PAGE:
The old gearbox-in-back-axle A.C., which recalls so vividly the great pioneer S. F. Edge, is a rare car now. But it was an attempt to offer a lightweight 1.5-litre, and the alterations carried out by Signalman D. Hings to one of these cars are consequently of more than passing interest.—Ed.
Some time ago an interesting car was sought to replace an Anzani Frazer-Nash, which, unfortunately, had to be disposed of some months before, because of the war. During a tour of some breakers’ yards, a 12-h.p. A.C. of 1927 vintage was discovered, possessing what appeared to be an Anzani engine, although “A.C.” was embossed on the cylinder head. Subsequent enquiries proved that it was made by Anzani, and is similar to those fitted to the early Frazer-Nashes. The car was of’ very light construction, with an aluminium 2-seater body, and, in fact, appeared to be almost entirely made of aluminium. The body was in quite good condition and even possessed a good hood, two undamaged side-screens, and a radiator muff. Needless to say, the former two items will not often be used! The car was shod with five quite reasonable tyres, and the only apparent mechanical faults were a split carburetter float and a leaky radiator. These defects were cured by somewhat crude plumbing, and the engine started easily, appearing quite healthy, with reasonable compression.
According to a road-test of an earlier model, top speed is only 50 m.p.h., but the very creditable petrol consumption of 35 m.p.g. was obtained. It was felt that considerably better performance could be expected, so the following modifications were carried out.
First, the minute Solex carburetter, befitting an Austin Seven or Fiat “Mouse”, was replaced by a 30-mm. S.U., this being the size of the inlet manifold, which, incidentally, is water-heated, as it passes through the block. For the fly-wheel the makers went to the other extreme, and fitted one eminently suitable for a steam-roller! This will have to be lightened considerably when peace returns and such jobs can be done without priority certificates, etc. Fortunately, a lot can be taken off without interfering with the clutch. To provide anchors on all four wheels, the front and rear axles of the 2-litre model were fitted without any great difficulty. these also giving a wider track and improved appearance, as they have Rudge wheels instead of the discs. The wheelbase is 8 ft. 9 in. and the track is now approximately 4ft. 2 in.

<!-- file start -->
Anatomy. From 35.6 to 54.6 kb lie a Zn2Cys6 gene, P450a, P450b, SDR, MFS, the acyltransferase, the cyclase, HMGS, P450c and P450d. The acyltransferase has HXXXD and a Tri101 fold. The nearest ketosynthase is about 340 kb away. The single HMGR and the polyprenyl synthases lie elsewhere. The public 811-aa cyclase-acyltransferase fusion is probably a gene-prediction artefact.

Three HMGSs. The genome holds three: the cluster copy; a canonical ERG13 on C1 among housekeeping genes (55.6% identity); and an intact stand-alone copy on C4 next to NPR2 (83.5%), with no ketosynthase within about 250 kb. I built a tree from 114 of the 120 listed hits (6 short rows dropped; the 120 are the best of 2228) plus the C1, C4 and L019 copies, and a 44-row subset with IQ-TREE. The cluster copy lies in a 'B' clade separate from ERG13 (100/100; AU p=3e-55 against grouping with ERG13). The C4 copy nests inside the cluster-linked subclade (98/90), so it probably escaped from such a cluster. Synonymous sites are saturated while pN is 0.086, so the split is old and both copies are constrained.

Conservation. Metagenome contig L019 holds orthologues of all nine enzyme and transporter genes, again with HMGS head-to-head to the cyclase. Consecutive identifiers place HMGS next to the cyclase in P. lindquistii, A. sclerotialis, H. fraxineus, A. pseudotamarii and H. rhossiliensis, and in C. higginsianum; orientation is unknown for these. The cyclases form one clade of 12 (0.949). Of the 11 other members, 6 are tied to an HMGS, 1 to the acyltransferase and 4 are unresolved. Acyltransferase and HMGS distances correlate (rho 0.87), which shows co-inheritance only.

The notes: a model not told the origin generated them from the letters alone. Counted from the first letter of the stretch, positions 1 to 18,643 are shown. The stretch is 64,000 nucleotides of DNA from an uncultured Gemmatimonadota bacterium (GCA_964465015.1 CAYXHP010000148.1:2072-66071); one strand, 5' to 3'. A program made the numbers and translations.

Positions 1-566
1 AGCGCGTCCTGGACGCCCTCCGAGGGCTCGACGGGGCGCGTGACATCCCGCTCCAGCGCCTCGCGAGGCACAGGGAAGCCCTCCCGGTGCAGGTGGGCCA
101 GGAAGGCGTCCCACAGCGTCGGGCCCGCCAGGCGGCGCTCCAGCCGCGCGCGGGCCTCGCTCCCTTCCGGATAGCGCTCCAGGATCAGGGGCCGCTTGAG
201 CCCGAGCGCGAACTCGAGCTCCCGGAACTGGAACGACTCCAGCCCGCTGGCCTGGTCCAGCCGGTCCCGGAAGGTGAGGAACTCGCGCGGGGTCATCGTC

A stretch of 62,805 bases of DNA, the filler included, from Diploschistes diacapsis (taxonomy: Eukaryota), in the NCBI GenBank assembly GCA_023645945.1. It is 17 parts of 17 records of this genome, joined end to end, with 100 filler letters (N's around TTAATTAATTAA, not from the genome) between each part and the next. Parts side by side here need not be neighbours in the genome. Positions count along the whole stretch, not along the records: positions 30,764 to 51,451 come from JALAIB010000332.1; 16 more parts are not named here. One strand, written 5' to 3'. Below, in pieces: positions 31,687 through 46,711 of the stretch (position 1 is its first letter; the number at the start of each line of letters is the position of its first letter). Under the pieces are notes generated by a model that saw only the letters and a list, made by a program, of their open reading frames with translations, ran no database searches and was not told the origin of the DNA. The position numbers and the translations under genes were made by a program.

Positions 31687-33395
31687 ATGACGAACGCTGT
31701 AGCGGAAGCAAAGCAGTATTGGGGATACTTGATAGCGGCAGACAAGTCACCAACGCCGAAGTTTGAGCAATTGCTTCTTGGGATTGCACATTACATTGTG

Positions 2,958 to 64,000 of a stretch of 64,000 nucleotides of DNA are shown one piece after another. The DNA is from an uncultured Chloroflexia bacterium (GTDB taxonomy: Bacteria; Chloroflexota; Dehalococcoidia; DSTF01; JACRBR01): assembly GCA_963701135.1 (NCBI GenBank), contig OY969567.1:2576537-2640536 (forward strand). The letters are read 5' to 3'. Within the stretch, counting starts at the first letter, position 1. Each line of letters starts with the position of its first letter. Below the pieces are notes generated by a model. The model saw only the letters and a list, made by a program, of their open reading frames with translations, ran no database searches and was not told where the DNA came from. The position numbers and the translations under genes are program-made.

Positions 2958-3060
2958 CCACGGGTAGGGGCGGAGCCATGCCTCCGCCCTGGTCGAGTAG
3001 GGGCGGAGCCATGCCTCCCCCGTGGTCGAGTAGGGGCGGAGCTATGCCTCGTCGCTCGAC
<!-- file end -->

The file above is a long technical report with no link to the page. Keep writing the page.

The chassis is of channel section and rounded at the front, following the shape of the radiator. A cross-member amidships supports the front end of the torque tube through a universal joint. Quarter-elliptic springs are used back and front, and it is extremely doubtful whether the front ones will behave themselves when subjected to any degree of braking, as nothing is provided to take the torque. However, the 2-litre car apparently behaved itself’ satisfactorily in spite of this, as they were quite popular; incidentally, the front brake drums were considerably smaller than the rear. The 1,496-c.c. side-valve Anzani engine develops 45 b.h.p. at 3.000 r.p.m., at which speed the piston velocity is still quite appreciably below 2,500 f.p.m. The weight of the engine is only 160 lb.. so it is a pretty efficient little s.v. unit, and, as John Bolster so aptly said in his, article “G.N. Gen” last November, it “gave more power than it had any right to do”. This urge is transmitted through a dry, single-plate clutch to the gearbox situated in the back axle casing. Incidentally, stronger clutch springs will be required to deal with the increased urge, for on the only test run possible, clutch slip was noticed when changing up.
The whole of the propeller-shaft tube and rear axle casing are of light alloy. The gear ratios are 5 to 1, 7.3 to 1 and 14 to 1. The gear lever is on the off side; surprisingly enough, very quick and easy changes can be made although no clutch stop is fitted. Possibly the friction in the universal joint and various bearings would account for this. The maximum engine speed gives 66 m.p.h. in top and 46 m.p.h. in second, but an alternative final drive of ratio 4 to 1 is available, this giving a (very) theoretical top-gear maximum of 82 m.p.h. with 55 m.p.h. in second. No doubt the car would be most unmanageable if this speed was attained, but the advantage of the higher ratio would be a comfortable cruising speed of 55-60 m.p.h., although bottom gear might prove to be too high. However, the car is little if any heavier than the ‘Nash, which had a bottom gear of about 10 to 1.
The steering is high-geared, requiring 1, 1/3 turns from lock to lock, but did not seem very accurate. Increasing, the castor angle would no doubt improve it, as would the fitting of shock absorbers all round. The driving position is set well back, and visibility is good, due to the low bonnet. The total weight is about 13 cwt., and this gives the weight/capacity ratio of’ 1 lb. per c.c., the same figure as that for a Triumph “Tiger 80”, a motor-cycle of no mean performance.
The test run mentioned took place along the North Circular Road with three up, and proved very enjoyable. The original silencer having almost completely rusted away, a motor-cycle Brooklands type silencer was temporarily affixed to comply with the law, and for this same reason a suction horn with a particularly unpleasant note was attached; judging by the looks of amazement on the faces of several “buzz box” drivers who were overtaken, our progress must have been truly inspiring. If in happier times to come you should meet YP 7469, a rather old and sedate-looking A.C., please do not be too rude!